I walked back up the road.  I didn't speak French and didn't know this person and couldn't have been farther outside my comfort zone, but I knocked on the front door.  In halting French I explained that I missed my bus and needed a ride to the train in Auray.  I'm sure it came out like "no bus I was missing Auray train station.  Please."  The gentleman looked at me, then put up a finger, telling me to wait.  He reappeared after a moment with a young girl, maybe 12 years old.  "English?" she said.  I explained what had happened. Then I stopped myself and explained it again more slowly.  She smiled and translated for us.  Her father would take me, it would be 40 francs (this was in the pre-Euro days, when a franc was worth about 1/7 of a dollar), but he would need two minutes.  Then he disappeared.  His daughter stood in the doorway and looked at me.  "Did you lose your way?" she asked.  I smiled nervously. "I just didn't make it to the bus on time."  "I won't be able to ride to Auray with you," she said, and then disappeared, leaving me standing at an open front door.  Was I supposed to go in?  Stay out?  Close the door either way?

Soon enough her father reappeared and with a great deal of gesturing and smiling pointed me toward the car, which said TAXI on it in foot-high letters; evidently, assuming that anyone who doesn't speak your language is a bit slow is a trait that crosses cultural barriers.  We got in; he said grandly "Le gare d'Auray!" with a fluttering hand motion like a plane taking off, and we departed.  He talked much of the way, and eventually I started trying to respond, with gestures and flourishes mostly.  He would repeat things if I didn't seem to understand, and I would respond in English, and he would look at me instead of the road and really examine me like he would find the meaning of the words written on my face.  Then he'd look back at the road, swerve suddenly to avoid whatever was in the way (something always was), and laugh uproariously.  It was without question the best cab ride I've ever had.  I still don't know what we talked about, but we made great sport of the traffic and agreed that McDonald's (McDo) is not so good.  We made it to Auray with about 10 minutes to spare; I gave the man 100 francs and we were each on our separate ways.

So, what is the point of this whole story?  Only this: keep an open mind and be willing to do uncomfortable things.  Travel requires as much.

31 May 2014

Just a morning rant

This working poor stuff has long since worn thin; earning enough to cover bills and naught else is really not enjoyable, and this morning I just need to vent.

Earlier this year after I'd bought the house and settled in things were looking good: my job paid well enough for me to actually eat out from time to time, go have beers with friends like once a week, that sort of thing, and I had put together a savings plan and some financial goals for the year, and it really looked like it was going to work.  I wanted three months' expenses set aside in one account, and in two other savings accounts I was putting money so I could travel (two exotic trips, to Virginia and Ohio), buy a sound bar (I'm tired of listening to music through my television speakers, so I don't listen to music any more; my ex-wife sold my old speaker set at a garage sale and I can't for the life of me imagine why I let her), pay for a personal trainer certification course, and other small things.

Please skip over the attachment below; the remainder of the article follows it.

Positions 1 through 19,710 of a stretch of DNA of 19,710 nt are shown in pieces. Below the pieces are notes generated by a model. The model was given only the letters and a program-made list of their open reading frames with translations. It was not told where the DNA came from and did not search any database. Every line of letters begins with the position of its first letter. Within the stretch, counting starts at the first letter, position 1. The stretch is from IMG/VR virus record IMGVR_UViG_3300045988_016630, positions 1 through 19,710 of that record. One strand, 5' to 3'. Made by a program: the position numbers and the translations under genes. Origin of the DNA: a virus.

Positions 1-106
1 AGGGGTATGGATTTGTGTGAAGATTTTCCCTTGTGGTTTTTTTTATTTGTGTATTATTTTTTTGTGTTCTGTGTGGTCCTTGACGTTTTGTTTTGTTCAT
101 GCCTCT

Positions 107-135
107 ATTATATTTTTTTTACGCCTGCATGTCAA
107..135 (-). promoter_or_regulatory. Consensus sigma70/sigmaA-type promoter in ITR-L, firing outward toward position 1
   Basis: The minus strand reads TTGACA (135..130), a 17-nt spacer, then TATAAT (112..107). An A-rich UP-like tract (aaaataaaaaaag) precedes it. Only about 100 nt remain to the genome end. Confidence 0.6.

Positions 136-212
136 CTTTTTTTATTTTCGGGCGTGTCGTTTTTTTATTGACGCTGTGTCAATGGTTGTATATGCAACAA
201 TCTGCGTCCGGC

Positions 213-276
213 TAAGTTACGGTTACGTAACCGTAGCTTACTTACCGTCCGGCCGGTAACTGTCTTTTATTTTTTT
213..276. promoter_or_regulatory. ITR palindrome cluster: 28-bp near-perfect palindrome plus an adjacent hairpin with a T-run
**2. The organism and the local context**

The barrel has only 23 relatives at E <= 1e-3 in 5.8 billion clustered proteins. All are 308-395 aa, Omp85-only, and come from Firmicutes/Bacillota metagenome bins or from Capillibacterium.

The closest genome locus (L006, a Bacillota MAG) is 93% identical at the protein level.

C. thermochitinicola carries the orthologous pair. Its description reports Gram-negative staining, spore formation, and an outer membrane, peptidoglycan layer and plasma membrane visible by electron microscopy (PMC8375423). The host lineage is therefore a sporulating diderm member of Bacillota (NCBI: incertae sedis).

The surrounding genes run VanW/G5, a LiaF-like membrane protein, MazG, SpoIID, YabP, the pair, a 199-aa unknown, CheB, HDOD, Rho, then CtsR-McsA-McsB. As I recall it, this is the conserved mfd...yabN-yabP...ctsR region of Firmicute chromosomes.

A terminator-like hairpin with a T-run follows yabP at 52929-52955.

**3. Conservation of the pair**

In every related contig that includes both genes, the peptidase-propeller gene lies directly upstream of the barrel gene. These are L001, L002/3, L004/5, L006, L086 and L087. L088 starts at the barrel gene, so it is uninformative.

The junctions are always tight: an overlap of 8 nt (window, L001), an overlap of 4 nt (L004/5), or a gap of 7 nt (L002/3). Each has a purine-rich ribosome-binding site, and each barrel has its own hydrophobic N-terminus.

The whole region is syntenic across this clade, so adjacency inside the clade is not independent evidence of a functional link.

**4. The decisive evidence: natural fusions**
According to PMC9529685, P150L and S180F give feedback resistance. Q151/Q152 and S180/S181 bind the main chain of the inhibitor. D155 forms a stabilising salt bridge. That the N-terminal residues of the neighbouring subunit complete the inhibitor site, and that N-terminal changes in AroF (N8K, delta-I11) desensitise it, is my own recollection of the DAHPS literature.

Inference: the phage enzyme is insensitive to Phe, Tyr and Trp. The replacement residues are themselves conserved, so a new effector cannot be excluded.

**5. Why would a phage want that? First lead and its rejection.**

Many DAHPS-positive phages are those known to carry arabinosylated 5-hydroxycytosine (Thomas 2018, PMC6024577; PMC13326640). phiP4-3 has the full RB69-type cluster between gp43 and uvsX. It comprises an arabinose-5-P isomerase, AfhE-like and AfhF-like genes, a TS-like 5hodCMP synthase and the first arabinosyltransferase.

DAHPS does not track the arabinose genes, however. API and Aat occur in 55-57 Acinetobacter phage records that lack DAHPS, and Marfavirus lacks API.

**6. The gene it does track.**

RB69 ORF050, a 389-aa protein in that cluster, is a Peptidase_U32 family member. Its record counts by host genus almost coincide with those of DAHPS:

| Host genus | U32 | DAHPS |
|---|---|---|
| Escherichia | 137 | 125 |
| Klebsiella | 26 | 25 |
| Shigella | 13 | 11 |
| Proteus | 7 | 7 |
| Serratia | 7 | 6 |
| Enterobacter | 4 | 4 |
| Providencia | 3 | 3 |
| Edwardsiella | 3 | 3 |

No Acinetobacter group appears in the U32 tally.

And the thing is I just about got all three accounts filled up.  The two-months-expenses one is good.  The savings for travel and other things are basically where I want them; I overestimated travel expenses and other costs so that, even though I'm about 10% shy in both accounts, I think I'll be good.  And I've got some cash stashed away for the travel expenses that probably more than makes up the shortfall.

Of course, I could just turn all the money out of all three accounts and finally pay off the goddamn credit card (I finally made the last payment on the second one earlier this year, hooray), but what is the point of this life if I can't get out of town once in a while?  Well, that's the nature of low income.  You don't get to do the stuff you want.  Piss.

And of course, I went and bought a new mattress a couple months ago.  Wasn't planning to do that, either, but it became obvious that my old mattress was the cause (or at least a cause) of my back and neck pain.  And it was expensive, and I'm still paying for it, and it was sooooo worth it.  The new mattress is fantastic.  I love it.  It hasn't helped with the anxiety and stress that keep me from sleeping well most nights, but I don't wake up in pain any more, and it's hard to put a price on that.  But there was a price on it, and I'm still paying it.

Nonetheless, with a new roommate helping me pay for the mortgage and bills, my savings accounts look good enough that I've been seriously shopping for a new bike.  My current bike is a ten-year-old mountain bike, but I don't trail ride any more and don't care to.  I'm going to use the bike as a daily commuter to campus, and have been thinking it would be nice to have a more efficient one, something designed for roads where the high gears are actually, you know, high gears, and where the top speed is better than 20 mph at full tilt.

Road bikes are expensive.  You can find some really cheap ones on line for as little as $300 from Bikes Direct.  And they are worth $300.  According to most of the reviews they'll get you about 1000 miles.  They are intended as "intro" bikes for new riders who will either ride for a while and decide they don't like it, or will quickly want to upgrade to a better machine.  I'm not the target consumer there; 1000 miles is somewhat less than one year's commuting (assuming I bike in 4 days a week), which means sometime next spring I must either buy another $300 bike or replace all the components on the old one.  That just doesn't make sense.